Street Art Makes Me Happy April 3, 2019
5 Reasons Street Art Makes Me Happy
1. Painted Streets = Colourful World = Happier Life
Street Art makes people happy. It makes their day more colorful, more fun, and more interesting. It adds character, diversion, and introspection to their daily routines.
Art wakes people up, it enlivens and enriches their lives. It can be motivational, and even inspirational. And, perhaps most importantly, it can make people think about what’s really relevant. It uplifts the ‘normal’ to something a thousand times more interesting.
2. The Crossover Between Gallery & Street
With street art widely becoming accepted as genuine ‘art’, many contemporary galleries have opened their doors to the artists involved. So, nowadays, you may very well even find it displayed in art galleries. And much of the time, it still manages to retain its ‘urban style’, even in a gallery setting.
Society is beginning to accept that the creative and talented people involved in this genre are real artists, and not necessarily just ‘vandals’. And people are becoming attuned to the fact that it is a genre with a uniquely ‘urban’ message.
3. The Thrill of Discovery
Have you ever spent a day in a major city exploring and discovering the works of a particular street artist? If not, you’re missing out!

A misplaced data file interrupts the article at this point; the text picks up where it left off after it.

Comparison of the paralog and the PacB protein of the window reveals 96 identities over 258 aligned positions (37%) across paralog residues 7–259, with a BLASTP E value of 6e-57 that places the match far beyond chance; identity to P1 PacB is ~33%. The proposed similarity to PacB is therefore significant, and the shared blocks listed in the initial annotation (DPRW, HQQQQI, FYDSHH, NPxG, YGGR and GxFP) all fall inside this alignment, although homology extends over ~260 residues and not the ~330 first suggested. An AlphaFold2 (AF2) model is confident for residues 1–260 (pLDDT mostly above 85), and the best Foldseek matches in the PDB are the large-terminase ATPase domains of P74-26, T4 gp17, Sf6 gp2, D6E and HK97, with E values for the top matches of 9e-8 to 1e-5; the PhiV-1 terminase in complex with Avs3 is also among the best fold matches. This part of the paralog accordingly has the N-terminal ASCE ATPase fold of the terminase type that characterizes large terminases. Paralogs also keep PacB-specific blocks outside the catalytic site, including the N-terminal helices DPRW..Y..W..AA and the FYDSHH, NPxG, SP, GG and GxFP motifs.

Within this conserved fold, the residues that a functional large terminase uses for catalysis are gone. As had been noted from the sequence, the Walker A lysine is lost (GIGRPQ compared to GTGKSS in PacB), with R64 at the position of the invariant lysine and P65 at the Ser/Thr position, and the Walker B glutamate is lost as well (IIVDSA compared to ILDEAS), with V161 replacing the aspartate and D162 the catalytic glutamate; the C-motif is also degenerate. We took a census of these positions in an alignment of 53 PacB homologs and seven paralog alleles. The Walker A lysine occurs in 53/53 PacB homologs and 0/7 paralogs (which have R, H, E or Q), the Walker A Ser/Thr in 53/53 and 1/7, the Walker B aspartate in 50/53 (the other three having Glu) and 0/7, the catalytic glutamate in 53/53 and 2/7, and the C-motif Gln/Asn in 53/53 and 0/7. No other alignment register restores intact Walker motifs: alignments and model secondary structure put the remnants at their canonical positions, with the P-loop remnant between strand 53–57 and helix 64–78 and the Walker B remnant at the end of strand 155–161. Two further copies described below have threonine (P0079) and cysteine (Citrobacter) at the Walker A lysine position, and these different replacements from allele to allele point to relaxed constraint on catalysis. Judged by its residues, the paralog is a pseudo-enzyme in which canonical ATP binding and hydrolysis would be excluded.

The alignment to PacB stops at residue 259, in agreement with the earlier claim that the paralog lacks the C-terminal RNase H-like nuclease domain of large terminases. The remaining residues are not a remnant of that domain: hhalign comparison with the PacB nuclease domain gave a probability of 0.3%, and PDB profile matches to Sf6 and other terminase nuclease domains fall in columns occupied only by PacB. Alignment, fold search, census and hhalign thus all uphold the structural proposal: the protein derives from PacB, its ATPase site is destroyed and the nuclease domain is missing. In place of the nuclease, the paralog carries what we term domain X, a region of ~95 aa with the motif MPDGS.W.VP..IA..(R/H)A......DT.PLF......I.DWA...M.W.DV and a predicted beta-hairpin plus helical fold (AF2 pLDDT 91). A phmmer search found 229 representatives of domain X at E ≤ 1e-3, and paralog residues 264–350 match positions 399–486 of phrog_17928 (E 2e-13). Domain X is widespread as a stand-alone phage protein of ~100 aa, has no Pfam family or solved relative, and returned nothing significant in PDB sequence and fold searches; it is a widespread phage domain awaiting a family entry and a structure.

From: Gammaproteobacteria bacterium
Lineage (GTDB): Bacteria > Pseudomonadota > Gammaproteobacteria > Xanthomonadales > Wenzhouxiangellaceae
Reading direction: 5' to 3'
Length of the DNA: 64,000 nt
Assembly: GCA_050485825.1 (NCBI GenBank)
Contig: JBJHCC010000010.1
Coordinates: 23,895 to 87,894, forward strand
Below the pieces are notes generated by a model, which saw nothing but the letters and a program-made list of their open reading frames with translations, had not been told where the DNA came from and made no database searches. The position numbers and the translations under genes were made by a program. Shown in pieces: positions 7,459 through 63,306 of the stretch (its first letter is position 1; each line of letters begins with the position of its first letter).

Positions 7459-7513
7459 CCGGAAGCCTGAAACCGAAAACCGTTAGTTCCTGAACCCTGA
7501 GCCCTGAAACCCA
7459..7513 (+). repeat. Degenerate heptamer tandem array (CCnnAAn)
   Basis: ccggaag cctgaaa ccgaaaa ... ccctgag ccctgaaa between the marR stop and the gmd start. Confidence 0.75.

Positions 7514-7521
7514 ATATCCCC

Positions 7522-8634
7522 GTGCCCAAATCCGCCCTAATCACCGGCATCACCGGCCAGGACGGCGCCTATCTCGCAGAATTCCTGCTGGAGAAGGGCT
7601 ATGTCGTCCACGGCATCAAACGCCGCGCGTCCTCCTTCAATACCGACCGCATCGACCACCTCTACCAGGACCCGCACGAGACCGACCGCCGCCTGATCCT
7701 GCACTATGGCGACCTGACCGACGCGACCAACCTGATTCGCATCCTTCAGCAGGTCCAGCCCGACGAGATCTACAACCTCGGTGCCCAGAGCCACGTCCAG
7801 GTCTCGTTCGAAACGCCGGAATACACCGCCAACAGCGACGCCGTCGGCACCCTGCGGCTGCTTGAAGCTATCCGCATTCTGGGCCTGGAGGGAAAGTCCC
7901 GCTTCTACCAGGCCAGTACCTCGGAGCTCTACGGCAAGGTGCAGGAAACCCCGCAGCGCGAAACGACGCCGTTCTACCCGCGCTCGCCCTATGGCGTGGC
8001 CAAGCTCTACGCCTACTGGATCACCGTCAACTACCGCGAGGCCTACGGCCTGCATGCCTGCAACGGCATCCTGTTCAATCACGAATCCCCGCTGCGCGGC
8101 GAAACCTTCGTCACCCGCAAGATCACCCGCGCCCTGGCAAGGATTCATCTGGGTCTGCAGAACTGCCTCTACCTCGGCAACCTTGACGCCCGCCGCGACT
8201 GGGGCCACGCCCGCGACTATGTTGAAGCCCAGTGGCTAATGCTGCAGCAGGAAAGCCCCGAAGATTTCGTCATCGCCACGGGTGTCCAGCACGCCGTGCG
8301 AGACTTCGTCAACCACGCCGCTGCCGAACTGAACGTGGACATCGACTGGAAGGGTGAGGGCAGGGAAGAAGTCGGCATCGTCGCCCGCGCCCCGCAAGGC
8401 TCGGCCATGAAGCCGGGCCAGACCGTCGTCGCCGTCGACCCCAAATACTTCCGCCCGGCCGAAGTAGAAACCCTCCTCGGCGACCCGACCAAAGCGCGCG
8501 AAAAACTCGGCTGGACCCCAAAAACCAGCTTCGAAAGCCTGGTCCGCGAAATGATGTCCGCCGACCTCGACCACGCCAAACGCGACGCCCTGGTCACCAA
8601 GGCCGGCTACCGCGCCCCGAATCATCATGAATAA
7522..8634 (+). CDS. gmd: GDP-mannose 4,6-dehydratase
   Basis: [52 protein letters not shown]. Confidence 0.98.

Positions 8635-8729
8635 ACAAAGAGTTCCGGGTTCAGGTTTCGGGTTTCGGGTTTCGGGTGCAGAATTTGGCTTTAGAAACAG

It’s a great way to explore less familiar parts of the city. Why? Because much of this type of art is done in commercial ‘warehouse’ districts, and in hidden alleyways and streets.
Street art isn’t just limited to paintings on walls. Whether impromptu ‘rock’ sculptures, or three dimensional ‘sidewalk art’, it can come in many flavors. It’s about interaction with the public space, in a variety of interesting ways.
5. It’s an ‘All-inclusive’ Community
To be a street artist, you don’t need to look a certain way or be anything but yourself. It’s a world made up of artists from all walks of life, and all ages. It really is so inclusive, and everyone’s welcome. It’s all about community!
Looking for street art in Vancouver? This post may help.
Capilano Suspension Bridge - a Vancouver Landmark - SamsOriginalArt June 23, 2019 - 19:22
[…] In 1888, Scottish civil engineer and land developer, George Grant Mackay, landed in Vancouver. He purchased 6,000 acres of forest on either side of the Capilano River, and built his cabin on the edge of the canyon wall. The following year, with the help of a 12-year-old Coast Salish boy named August Jack Khatsahlano, Mackay suspended a footbridge across the river. Young Khatsahlano would later become chief of the Squamish First Nation, and namesake of the Vancouver westside neighborhood now called Kitsilano. […]